Since it’s set in the years before Clark dons the cape, they refrain from making Lois his love interest right away. This is really to the benefit of her character – she has time for developments in other non-romantic areas. That’s not to say that she doesn’t have romantic plots, as they match her up with everyone from Green Arrow to a clone of Lex Luthor’s deceased brother (don’t ask – the show is rife with that sort of convoluted nonsense) but they also give her storylines that show her overcoming various missteps in her young adult life and gradually gravitating toward a career in journalism, determined to prove herself. And she spends the last few seasons as Clark’s mentor at the Daily Planet.

When they do finally start revving up the romance, they put in an interesting twist: she falls for Clark first. Not just before she falls for Superman, but before Clark falls for her. In most renditions, Clark finds himself smitten with Lois long before she starts to grant him much notice. Here, she has to deal with potentially unrequited feelings, and struggles with that vulnerability.

They also put a fresh spin on the Clark/Lois/Superman triangle, since he hasn’t fully donned his superhero persona yet. He’s a mysterious there-and-gone figure that people call “the Blur.” He starts making phone calls to Lois as that persona (with a voice modulator), at first to throw her a bone because she desperately wants a front-page story about the Blur, but then he discovers having her for a confidante is very helpful for him. When he starts dating Lois as Clark, he find himself jealous that the Blur does something for her that he can’t – even though it’s really him! It’s not exactly a romantic connection, either – it’s more the idea of serving a higher purpose. Of course the obvious solution is to just tell her the truth, but he drags his feet for another season, while Lois herself acknowledges that if the Blur told her who he was, it would put her in greater danger. Eventually she figures it out, and when Clark tells her his secret she asks with a grin, “What took you so long?” It’s pretty darn charming, and I was willing to put up with a lot of convoluted plot-lines and tortured overwrought angst just to see their relationship to its conclusion.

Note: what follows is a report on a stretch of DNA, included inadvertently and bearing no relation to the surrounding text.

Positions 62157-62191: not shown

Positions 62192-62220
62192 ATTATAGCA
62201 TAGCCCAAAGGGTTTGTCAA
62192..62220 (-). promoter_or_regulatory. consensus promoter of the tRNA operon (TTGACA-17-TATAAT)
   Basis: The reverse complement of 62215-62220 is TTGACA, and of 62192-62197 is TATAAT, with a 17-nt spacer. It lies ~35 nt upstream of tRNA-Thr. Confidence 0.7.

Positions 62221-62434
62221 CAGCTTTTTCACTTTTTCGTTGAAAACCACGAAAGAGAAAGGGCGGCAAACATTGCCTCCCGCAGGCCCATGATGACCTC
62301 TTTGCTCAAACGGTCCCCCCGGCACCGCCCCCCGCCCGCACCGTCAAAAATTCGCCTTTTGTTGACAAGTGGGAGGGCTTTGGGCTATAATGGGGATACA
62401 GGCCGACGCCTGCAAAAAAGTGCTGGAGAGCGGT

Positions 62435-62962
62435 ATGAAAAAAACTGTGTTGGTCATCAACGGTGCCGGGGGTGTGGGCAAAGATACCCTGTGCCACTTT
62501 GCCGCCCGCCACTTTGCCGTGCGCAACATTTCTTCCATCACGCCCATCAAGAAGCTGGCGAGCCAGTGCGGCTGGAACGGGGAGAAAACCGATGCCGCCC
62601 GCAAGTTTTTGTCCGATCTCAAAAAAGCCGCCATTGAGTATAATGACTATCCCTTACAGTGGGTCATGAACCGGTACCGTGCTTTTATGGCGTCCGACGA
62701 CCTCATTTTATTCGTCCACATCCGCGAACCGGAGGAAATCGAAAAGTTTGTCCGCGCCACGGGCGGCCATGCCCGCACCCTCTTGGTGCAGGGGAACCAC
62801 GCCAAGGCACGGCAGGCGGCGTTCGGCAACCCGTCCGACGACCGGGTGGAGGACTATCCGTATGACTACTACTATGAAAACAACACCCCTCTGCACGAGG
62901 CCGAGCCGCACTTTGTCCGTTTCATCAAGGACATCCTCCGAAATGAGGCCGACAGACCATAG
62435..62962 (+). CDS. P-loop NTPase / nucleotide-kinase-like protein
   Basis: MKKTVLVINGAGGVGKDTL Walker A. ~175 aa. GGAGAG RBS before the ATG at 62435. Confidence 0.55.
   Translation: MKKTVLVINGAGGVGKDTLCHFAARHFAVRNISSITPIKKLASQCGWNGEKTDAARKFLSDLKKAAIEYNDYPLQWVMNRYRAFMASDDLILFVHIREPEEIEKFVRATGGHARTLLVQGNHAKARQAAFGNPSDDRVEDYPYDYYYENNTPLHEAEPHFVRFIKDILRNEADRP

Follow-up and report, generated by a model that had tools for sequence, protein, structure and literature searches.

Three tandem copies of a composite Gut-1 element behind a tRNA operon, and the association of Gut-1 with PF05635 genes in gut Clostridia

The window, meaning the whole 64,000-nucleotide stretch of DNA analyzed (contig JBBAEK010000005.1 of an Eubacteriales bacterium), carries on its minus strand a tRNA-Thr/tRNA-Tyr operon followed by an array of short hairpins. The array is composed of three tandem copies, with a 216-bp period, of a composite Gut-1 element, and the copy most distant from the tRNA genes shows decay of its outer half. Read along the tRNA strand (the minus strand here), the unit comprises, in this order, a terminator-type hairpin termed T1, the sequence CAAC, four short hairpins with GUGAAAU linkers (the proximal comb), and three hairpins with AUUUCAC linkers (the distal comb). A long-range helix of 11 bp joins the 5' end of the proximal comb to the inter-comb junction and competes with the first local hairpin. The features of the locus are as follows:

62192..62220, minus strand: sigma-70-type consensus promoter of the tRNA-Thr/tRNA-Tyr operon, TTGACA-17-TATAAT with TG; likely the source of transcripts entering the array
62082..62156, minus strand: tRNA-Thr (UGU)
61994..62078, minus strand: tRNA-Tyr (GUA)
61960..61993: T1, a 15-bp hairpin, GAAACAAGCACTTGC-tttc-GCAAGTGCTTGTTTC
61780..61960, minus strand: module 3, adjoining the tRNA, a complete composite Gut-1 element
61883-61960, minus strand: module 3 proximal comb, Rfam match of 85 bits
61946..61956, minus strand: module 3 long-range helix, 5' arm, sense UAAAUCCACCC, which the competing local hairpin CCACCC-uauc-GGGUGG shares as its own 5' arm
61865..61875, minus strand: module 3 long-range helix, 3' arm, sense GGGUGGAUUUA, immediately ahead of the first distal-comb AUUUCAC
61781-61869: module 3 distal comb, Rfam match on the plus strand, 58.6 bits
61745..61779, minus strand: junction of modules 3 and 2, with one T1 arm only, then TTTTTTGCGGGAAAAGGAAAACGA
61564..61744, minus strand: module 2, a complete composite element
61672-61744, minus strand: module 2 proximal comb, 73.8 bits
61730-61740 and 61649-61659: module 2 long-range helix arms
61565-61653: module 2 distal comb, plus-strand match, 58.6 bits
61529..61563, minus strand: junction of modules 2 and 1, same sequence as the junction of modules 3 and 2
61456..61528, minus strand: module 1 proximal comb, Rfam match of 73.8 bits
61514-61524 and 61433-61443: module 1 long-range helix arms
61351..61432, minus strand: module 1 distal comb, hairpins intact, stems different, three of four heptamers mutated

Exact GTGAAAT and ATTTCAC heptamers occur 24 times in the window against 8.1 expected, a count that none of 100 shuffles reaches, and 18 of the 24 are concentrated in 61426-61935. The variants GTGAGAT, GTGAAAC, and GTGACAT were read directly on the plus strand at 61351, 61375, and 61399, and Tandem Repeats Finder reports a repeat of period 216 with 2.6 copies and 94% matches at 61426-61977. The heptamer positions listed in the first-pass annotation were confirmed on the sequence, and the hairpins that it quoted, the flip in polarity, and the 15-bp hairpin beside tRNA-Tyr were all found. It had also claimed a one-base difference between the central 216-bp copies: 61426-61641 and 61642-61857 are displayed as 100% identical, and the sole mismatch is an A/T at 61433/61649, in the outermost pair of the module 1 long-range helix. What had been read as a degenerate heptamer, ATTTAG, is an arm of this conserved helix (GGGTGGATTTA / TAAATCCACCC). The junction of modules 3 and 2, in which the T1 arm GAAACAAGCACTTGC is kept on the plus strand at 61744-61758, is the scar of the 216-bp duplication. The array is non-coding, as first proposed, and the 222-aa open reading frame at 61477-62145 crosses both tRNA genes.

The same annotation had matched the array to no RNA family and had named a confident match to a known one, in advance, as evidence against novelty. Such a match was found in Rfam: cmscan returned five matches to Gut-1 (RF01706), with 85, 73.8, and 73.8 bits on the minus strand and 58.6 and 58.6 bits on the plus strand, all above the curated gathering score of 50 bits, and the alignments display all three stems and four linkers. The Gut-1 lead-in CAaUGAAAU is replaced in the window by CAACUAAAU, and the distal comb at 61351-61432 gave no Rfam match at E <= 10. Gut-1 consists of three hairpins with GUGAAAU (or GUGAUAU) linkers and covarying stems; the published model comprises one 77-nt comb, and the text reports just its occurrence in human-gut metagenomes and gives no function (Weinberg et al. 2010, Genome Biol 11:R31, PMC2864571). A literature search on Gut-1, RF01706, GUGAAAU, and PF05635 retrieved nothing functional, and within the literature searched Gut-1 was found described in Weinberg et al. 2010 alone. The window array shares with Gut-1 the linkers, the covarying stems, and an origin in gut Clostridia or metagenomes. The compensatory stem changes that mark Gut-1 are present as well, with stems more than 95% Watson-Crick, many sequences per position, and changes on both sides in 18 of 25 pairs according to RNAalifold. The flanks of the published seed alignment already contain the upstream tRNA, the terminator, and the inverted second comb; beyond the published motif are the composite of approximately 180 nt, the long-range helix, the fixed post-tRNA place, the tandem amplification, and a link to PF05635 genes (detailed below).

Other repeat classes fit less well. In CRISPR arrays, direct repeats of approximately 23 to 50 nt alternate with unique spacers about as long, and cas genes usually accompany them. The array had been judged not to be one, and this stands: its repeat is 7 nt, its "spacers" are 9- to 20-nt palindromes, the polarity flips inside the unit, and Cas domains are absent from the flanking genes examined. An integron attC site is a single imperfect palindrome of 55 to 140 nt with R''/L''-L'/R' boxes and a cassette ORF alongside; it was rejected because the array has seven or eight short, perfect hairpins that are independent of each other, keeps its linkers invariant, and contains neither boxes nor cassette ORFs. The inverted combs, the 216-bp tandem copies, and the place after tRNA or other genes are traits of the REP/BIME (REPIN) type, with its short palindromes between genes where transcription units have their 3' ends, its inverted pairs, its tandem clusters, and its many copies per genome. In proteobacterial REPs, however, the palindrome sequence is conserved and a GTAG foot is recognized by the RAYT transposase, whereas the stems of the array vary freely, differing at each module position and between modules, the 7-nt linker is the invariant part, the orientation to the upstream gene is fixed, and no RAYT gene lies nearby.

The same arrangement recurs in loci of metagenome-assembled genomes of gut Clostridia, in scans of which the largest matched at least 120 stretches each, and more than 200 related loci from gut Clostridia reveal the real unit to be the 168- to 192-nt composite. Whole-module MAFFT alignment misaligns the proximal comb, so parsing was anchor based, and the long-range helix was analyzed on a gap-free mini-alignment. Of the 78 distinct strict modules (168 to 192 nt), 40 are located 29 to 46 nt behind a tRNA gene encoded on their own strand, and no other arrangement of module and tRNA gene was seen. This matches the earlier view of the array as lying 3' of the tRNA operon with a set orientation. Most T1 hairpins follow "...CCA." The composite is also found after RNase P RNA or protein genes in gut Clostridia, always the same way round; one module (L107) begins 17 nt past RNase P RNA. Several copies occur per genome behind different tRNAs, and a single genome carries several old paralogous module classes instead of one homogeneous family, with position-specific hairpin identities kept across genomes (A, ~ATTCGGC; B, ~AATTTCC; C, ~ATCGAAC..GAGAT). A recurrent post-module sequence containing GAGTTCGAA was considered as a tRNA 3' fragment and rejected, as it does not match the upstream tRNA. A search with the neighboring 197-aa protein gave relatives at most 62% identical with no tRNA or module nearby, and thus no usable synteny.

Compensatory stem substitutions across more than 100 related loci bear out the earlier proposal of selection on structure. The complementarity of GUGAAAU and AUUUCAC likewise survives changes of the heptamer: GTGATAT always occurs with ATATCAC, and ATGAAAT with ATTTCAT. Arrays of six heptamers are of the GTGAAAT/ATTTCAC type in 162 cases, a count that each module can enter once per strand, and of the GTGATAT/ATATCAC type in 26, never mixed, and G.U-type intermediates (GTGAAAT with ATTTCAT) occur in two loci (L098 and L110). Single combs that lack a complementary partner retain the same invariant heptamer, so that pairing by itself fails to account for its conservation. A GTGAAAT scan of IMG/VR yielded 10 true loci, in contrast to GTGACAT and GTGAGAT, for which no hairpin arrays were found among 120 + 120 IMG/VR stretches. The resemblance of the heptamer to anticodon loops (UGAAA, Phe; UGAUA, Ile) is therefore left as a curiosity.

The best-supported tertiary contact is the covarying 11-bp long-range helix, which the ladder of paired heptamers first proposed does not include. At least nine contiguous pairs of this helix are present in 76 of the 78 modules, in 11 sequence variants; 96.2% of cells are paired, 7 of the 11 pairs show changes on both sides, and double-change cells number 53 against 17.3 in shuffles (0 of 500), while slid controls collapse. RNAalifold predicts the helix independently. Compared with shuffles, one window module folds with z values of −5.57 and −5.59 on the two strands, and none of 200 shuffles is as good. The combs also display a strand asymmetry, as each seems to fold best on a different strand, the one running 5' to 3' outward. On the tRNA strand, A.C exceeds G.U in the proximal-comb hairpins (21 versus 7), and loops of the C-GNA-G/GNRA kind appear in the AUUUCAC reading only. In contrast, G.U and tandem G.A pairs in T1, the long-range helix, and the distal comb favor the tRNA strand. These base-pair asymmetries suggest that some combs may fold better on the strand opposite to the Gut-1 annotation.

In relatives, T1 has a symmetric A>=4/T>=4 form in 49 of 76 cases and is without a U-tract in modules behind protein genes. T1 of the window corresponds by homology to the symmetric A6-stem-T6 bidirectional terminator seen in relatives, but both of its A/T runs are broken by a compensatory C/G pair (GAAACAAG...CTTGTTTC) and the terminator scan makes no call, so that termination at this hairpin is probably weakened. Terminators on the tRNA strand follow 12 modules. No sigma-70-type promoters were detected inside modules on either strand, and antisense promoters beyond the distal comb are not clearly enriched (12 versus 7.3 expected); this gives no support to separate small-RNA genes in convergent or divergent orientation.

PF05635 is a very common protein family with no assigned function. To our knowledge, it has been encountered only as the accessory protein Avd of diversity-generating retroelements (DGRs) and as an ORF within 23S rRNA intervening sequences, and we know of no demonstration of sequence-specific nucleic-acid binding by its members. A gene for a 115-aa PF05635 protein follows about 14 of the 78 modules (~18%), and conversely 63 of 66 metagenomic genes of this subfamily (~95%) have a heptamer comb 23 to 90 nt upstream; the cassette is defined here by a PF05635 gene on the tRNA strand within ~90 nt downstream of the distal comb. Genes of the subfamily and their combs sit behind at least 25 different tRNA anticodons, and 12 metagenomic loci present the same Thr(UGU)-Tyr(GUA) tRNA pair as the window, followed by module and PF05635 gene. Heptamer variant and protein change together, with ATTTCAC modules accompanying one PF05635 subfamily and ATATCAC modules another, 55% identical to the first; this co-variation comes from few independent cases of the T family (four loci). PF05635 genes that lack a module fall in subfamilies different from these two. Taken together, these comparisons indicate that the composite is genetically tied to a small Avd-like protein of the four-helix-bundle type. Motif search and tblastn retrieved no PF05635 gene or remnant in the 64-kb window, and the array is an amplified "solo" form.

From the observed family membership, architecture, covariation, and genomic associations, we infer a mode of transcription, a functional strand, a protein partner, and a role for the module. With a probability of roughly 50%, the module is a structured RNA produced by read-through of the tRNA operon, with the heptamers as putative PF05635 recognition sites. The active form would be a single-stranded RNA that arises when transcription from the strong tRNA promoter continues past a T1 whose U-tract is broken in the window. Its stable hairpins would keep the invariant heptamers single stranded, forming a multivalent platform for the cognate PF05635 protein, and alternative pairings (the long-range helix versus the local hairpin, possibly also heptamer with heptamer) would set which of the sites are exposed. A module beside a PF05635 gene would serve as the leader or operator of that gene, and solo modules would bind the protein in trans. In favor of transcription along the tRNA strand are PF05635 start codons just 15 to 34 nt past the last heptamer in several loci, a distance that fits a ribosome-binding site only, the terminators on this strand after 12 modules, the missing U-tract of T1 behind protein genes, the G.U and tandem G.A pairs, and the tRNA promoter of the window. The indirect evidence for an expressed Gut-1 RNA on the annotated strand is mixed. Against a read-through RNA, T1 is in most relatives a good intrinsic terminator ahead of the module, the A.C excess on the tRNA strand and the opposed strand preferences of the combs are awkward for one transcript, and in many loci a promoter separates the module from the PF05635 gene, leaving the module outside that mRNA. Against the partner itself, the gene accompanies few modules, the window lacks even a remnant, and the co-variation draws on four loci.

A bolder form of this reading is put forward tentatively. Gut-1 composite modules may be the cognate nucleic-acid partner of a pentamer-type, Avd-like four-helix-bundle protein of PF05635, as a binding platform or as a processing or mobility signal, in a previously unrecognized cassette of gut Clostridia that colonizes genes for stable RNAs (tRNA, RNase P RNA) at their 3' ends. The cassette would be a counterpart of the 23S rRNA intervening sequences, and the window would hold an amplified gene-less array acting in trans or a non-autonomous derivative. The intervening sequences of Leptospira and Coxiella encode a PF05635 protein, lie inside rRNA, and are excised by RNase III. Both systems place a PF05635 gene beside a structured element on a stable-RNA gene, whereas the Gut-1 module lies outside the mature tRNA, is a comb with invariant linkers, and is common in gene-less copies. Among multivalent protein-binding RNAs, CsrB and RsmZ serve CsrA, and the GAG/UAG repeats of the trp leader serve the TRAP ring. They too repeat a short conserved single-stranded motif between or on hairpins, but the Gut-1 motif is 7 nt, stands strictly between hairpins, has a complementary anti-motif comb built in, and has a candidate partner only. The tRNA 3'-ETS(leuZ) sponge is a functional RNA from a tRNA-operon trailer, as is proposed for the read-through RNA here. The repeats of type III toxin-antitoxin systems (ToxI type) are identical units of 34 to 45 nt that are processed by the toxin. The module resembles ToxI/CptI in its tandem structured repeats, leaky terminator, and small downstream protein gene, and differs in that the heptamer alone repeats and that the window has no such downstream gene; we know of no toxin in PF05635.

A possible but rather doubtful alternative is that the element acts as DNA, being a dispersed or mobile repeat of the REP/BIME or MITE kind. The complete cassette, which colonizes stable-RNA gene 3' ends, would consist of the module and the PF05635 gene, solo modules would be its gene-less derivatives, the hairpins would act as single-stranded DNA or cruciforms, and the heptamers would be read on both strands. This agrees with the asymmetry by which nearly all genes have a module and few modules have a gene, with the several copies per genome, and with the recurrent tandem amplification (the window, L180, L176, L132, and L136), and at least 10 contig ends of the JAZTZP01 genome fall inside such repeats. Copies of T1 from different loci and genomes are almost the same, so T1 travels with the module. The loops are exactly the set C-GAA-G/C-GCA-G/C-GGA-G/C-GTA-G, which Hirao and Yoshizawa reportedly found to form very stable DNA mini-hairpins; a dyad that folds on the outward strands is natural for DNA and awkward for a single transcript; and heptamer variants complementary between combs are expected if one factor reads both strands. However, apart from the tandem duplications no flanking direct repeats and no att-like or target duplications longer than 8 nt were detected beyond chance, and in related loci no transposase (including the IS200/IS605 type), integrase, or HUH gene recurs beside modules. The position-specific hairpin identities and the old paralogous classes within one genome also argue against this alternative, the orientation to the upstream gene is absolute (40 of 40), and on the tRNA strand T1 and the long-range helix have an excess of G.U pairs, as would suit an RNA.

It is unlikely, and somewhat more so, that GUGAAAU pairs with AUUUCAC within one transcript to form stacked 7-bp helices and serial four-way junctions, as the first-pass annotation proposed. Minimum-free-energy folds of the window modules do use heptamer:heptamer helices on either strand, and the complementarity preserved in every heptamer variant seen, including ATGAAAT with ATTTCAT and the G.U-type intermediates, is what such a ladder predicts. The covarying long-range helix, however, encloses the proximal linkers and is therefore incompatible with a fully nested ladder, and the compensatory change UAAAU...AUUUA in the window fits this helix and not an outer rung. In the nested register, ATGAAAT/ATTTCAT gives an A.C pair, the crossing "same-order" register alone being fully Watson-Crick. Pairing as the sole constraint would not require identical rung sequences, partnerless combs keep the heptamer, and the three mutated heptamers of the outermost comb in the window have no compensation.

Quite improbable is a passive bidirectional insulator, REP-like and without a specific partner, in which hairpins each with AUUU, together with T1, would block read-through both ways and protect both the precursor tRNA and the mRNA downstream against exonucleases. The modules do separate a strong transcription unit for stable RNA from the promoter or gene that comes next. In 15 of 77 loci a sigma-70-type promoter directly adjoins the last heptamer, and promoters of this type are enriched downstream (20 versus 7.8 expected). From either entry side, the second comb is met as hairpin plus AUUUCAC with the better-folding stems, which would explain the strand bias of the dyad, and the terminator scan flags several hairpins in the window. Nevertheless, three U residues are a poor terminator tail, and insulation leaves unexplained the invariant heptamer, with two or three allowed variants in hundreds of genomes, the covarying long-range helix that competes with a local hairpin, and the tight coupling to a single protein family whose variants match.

The new Man of Steel, with Amy Adams, also did some nice things with Lois’s investigative skills, leading her from a chance encounter with Superman (before he has the official title or persona) to a trail that leads to his childhood home in Smallville. She isn’t duped for a second, and when he shows up as mild-mannered reporter Clark Kent at the end, she’s fully in on the secret. Their romance is perhaps a bit rushed, but it’s clear why both of them are drawn to each other. I’m not sure if they’ll have much room to further develop Lois’s character when the new film has such a dominating figure as Batman overshadowing everything else, but I’m hoping for at least a few tidbits of Lois being awesome.

I’m aware that even at her best, Lois will generally be considered an appendage to Superman’s story. She’s still iconic in her own right. Tough, competent, brave, and determined, she sets a high standard for all the leading ladies of comic books and female characters in general.


2 thoughts on “Women of Speculative Fiction: Lois Lane

  1. I was raised on Superman, so I’ve followed every one of his incarnations over the years. A majority of my comic books are Superman titles and I recently finished “Lois Lane: A Celebration of 75 Years” which covers both the good and the bad times of Lois’ evolution. My favorite non-comics versions of Lois are Lana Delany’s voice over in “Superman: The Animated Series” and Amy Adams in “Man of Steel”. I’ve always felt that Superman has never gotten the credit he deserves as a feminist icon because that always goes to Lois and Wonder Woman (and rightly so).